18. Urs Fischbacher & Simon Gaechter & Ernst Fehr, . "Are People Conditionally Cooperative? Evidence from a Public Goods Experiment," IEW - Working Papers 016, Institute for Empirical Research in Economics - University of Zurich.
  19. Karen Blumenschein & GlennC. Blomquist & Magnus Johannesson & Nancy Horn & Patricia Freeman, 2008. "Eliciting Willingness to Pay Without Bias: Evidence from a Field Experiment," Economic Journal, Royal Economic Society, vol. 118(525), pages 114-137, 01.
  20. Holmes Thomas P. & Kramer Randall A., 1995. "An Independent Sample Test of Yea-Saying and Starting Point Bias in Dichotomous-Choice Contingent Valuation," Journal of Environmental Economics and Management, Elsevier, vol. 29(1), pages 121-132, July.
  21. R. K. Blamey & J. W. Bennett & M. D. Morrison, 1999. "Yea-Saying in Contingent Valuation Surveys," Land Economics, University of Wisconsin Press, vol. 75(1), pages 126-141.
  22. Christopher G. Leggett & Naomi S. Kleckner & Kevin J. Boyle & John W. Dufield & Robert Cameron Mitchell, 2003. "Social Desirability Bias in Contingent Valuation Surveys Administered Through In-Person Interviews," Land Economics, University of Wisconsin Press, vol. 79(4), pages 561-575.
  23. Jen Shang & Rachel Croson, 2006. "Field experiments in charitable contribution: The impact of social influence on the voluntary provision of public goods," Natural Field Experiments 00323, The Field Experiments Website.
Full references (including those not matched with items on IDEAS)

This item is not listed on Wikipedia, on a reading list or among the top items on IDEAS.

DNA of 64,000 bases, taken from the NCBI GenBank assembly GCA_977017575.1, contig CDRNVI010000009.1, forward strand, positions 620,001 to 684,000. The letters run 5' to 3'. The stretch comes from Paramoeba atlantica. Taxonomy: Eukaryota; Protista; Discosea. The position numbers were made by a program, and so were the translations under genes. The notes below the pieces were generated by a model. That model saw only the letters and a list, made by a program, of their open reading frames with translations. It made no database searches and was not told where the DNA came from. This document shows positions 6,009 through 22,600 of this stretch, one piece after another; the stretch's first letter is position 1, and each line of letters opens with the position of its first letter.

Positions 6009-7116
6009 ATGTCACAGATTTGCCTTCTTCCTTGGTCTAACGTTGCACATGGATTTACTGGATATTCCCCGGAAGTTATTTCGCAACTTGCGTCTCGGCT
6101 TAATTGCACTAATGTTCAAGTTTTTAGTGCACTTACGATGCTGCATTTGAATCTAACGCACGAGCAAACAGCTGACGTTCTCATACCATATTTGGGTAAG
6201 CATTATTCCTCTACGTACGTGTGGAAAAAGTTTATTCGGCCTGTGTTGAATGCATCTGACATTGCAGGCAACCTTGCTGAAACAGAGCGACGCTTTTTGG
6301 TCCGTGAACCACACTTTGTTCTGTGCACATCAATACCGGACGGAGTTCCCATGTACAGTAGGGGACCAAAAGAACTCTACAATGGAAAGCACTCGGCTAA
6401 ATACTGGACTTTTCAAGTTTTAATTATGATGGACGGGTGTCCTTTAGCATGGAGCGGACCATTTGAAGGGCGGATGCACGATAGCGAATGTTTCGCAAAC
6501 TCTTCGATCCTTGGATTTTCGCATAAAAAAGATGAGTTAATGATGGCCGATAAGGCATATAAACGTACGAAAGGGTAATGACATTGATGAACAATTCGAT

When requesting a correction, please mention this item's handle: RePEc:kap:expeco:v:11:y:2008:i:3:p:299-314. See general information about how to correct material in RePEc.

For technical questions regarding this item, or to correct its authors, title, abstract, bibliographic or download information, contact: (Guenther Eichhorn)

or (Christopher F. Baum)

If you have authored this item and are not yet registered with RePEc, we encourage you to do it here. This allows to link your profile to this item. It also allows you to accept potential citations to this item that we are uncertain about.

If references are entirely missing, you can add them using this form.

If the full references list an item that is present in RePEc, but the system did not link to it, you can help with this form.

If you know of missing items citing this one, you can help us creating those links by adding the relevant references in the same way as above, for each refering item. If you are a registered author of this item, you may also want to check the "citations" tab in your profile, as there may be some citations waiting for confirmation.

Please note that corrections may take a couple of weeks to filter through the various RePEc services.

This information is provided to you by IDEAS at the Research Division of the Federal Reserve Bank of St. Louis using RePEc data.